When you meet with a customer for the first time, you’re setting the tone for the remainder of your client-contractor relationship. Although it’s cliche, it’s important to keep in mind that you only have one opportunity to make a first impression.
Showing that you respect the customer’s time will set you apart from the competition and show professionalism. Customers are used to being let down by contractors (there’s a stigma, and -- let’s be honest -- it exists for a reason), so don’t fulfill those expectations by being disrespectful and late. You’ll immediately start out on the right foot with the customer if you’re on time (or even a few minutes early) to your initial appointment.
Keeping your customer information organized makes a huge difference in making a great first impression. Before walking up to the front door, review the information you’ve already been given about the customer and the storm damage work they need done. This lets the customer know that you pay attention and aren’t going to waste time asking questions that you already have the answers to. A customer file in digital form through a construction management software can be particularly helpful for this and all future interactions with your customer. If you keep digital records and store them on the cloud, they’ll be available anywhere to you and the rest of your team.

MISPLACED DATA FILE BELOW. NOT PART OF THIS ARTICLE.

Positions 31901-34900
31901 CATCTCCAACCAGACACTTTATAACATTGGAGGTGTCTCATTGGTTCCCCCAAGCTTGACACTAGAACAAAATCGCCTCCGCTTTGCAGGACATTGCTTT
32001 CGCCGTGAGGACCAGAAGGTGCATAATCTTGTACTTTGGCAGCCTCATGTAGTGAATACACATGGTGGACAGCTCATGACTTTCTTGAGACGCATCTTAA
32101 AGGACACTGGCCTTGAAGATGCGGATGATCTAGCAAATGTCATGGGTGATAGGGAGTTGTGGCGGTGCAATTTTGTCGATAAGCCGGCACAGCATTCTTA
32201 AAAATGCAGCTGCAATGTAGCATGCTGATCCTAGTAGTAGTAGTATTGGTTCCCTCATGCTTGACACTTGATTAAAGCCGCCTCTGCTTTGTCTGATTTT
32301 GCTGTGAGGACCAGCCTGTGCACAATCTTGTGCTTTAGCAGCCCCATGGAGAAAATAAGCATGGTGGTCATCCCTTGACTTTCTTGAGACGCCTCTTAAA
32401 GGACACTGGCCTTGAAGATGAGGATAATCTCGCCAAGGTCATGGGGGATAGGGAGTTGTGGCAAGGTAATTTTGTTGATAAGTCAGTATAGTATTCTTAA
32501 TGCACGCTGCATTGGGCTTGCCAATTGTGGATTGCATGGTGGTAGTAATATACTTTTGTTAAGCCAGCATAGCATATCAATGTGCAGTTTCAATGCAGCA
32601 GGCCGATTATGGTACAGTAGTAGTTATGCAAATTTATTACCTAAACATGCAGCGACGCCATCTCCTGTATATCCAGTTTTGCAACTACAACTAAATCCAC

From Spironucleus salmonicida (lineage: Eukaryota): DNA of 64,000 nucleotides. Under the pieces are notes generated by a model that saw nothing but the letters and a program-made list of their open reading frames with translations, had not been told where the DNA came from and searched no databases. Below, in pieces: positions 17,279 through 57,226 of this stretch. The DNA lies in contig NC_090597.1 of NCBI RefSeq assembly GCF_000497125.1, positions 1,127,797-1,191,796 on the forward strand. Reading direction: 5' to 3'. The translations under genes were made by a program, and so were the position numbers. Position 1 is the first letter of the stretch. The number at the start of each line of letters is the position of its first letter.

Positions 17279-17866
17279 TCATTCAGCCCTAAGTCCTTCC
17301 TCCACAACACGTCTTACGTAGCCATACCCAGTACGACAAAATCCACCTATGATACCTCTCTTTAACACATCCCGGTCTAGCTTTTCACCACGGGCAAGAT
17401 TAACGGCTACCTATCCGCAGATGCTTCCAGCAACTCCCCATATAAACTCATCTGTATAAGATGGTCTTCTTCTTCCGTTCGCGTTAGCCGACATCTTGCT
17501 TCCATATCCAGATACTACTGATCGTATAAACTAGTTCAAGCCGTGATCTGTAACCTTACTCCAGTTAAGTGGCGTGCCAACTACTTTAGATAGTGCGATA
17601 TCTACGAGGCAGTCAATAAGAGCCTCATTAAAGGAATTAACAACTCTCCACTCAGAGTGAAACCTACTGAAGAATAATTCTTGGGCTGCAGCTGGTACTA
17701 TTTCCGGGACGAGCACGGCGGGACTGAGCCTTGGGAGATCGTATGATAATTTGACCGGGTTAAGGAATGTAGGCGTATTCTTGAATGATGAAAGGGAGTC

True, an inspection isn’t a black tie affair, but you can bet that your customer will notice if you are not fairly well groomed. You should have a uniform of some sort that you wear to let customers know at a glance that you are actually with the company you say you’re with. This can be as simple as a hat, jacket, or polo with your logo embroidered on it. If you can afford a professional vehicle wrap, decal or magnet, then that will also go a long way in making your company look more professional.
This probably goes without saying, but is sometimes easy to overlook. Tell the customer your name and the name of your company. Make eye contact and smile while you do this. If your hands aren’t dirty or grimy, then you might even offer a handshake.
Know who you’re talking to
Confirm the customer’s name (from your customer file) and make sure to address them by their name in conversation. This shows respect and lets them know you’re paying attention.
Review with them
Review the details you already know about the project with the client. Listen closely to their questions and concerns, and ask follow-up questions as needed.
Get to the point
Let them know what to expect from their visit and what you need to do to complete the inspection. If you’d like them to do a walk through with you during any part of the inspection, let them know ahead of time. Also tell the customer about how long your inspection will take and that you will discuss the final bid with them once the inspection is completed.
Confirm and clarify
Before beginning, ask is they have any questions or if there’s anything else they’d like you to look at while you’re up there.
A positive (or negative) first impression will make a difference, so make sure you’re setting yourself up for sales success.